But there is a sense in which the Spirit gives every new convert a new tongue. A Christian has a new speech. The tongue that once spoke lies--speaks truth now. The tongue that once spoke bitter words--utters now only kind, loving words. So we do get new tongues when we receive the Holy Spirit. If a boy or a man swears or lies and speaks bad words, or gets cross and utters angry words--we know that he still has his old tongue and has not yet gotten a new one. But when he has the language of love, of praise, of prayer--we know that he is under a new power, the power of God.

      "Every man heard them speaking in his own language." This was a token that the gospel of Christ should be preached in that language. In a certain sense this was fulfilled in a far more glorious sense, for the Bible has been translated into nearly every important language of the world, and is sent to every nation, so that the people of all lands may literally hear the gospel and the wonderful works of God in their own tongue.

      That was a wonderful day. No matter from what country a man in the throngs on the streets had come, there was someone to tell him of Jesus Christ and His love, and of the great redemption offered now to all the world. "How is it that each of us hears them in his own native language? ... They were all amazed, and were perplexed." No wonder they were amazed. It was really a wonderful thing that had happened. Indeed, everything about redemption is wonderful. The sending of Jesus Christ, God's Son, to be born as a little babe and to live a human life, was wonderful. The dying of Christ on the cross was wonderful. Then the coming of the Holy Spirit was wonderful.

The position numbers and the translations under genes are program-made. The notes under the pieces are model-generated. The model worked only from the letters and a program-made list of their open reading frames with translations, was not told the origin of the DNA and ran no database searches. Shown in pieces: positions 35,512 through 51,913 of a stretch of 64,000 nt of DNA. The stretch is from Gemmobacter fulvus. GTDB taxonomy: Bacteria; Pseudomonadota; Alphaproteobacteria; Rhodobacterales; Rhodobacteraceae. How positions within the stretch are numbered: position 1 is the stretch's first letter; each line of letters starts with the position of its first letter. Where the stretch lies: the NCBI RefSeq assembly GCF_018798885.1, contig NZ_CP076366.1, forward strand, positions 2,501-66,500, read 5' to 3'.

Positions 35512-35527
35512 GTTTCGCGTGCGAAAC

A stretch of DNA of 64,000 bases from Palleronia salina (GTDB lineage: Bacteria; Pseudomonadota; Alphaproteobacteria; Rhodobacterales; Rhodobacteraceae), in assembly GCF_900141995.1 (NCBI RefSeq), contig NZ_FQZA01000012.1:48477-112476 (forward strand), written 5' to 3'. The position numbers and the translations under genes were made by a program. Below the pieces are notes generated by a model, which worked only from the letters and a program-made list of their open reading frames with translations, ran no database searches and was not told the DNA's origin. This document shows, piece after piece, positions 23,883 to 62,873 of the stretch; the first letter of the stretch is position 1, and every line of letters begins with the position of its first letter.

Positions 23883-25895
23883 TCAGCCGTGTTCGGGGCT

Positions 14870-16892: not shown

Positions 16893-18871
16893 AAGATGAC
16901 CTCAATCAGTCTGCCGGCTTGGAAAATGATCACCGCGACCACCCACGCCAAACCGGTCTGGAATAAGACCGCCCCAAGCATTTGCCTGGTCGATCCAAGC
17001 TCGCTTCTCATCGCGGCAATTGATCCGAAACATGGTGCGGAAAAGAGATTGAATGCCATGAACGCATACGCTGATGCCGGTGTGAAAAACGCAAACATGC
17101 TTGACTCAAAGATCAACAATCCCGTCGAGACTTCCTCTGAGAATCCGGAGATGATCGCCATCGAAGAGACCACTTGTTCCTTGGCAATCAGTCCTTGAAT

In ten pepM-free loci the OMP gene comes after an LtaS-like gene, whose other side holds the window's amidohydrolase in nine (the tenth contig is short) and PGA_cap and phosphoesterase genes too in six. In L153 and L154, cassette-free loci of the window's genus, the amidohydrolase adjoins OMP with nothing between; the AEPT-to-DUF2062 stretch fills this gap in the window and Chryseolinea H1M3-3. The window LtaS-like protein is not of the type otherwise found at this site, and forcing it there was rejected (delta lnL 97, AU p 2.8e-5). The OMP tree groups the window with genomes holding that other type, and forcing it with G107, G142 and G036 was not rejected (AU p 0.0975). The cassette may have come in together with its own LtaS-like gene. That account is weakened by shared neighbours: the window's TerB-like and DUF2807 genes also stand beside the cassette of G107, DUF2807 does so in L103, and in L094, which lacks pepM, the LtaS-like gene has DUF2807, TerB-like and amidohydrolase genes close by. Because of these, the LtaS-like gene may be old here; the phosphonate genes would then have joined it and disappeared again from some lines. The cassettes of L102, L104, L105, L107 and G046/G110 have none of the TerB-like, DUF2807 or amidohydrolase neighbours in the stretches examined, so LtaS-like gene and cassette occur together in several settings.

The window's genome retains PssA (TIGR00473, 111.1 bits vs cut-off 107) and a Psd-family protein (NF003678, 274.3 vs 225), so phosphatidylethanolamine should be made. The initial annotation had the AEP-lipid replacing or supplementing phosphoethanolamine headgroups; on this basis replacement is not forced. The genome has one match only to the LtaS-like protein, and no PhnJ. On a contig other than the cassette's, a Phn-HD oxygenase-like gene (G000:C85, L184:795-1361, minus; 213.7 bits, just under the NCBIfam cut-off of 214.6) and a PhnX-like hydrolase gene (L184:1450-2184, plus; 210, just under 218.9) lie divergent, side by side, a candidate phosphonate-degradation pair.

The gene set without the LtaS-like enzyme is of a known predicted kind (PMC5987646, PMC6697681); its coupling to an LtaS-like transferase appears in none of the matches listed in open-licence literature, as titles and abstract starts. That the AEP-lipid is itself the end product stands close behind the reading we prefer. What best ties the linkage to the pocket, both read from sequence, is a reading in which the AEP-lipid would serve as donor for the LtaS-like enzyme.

Yet there are many people who find more to interest and amaze them in bits of shells or stones or minerals, or in birds or ants or beetles, than in the gospel. They think the subject of redemption a matter suited only to Sunday-school children, ignorant people, and sick folks; while they find subjects suited to great minds in the fields of the sciences and philosophies. How little earth's wise people know of the wonderful treasures of wisdom hidden in the gospel!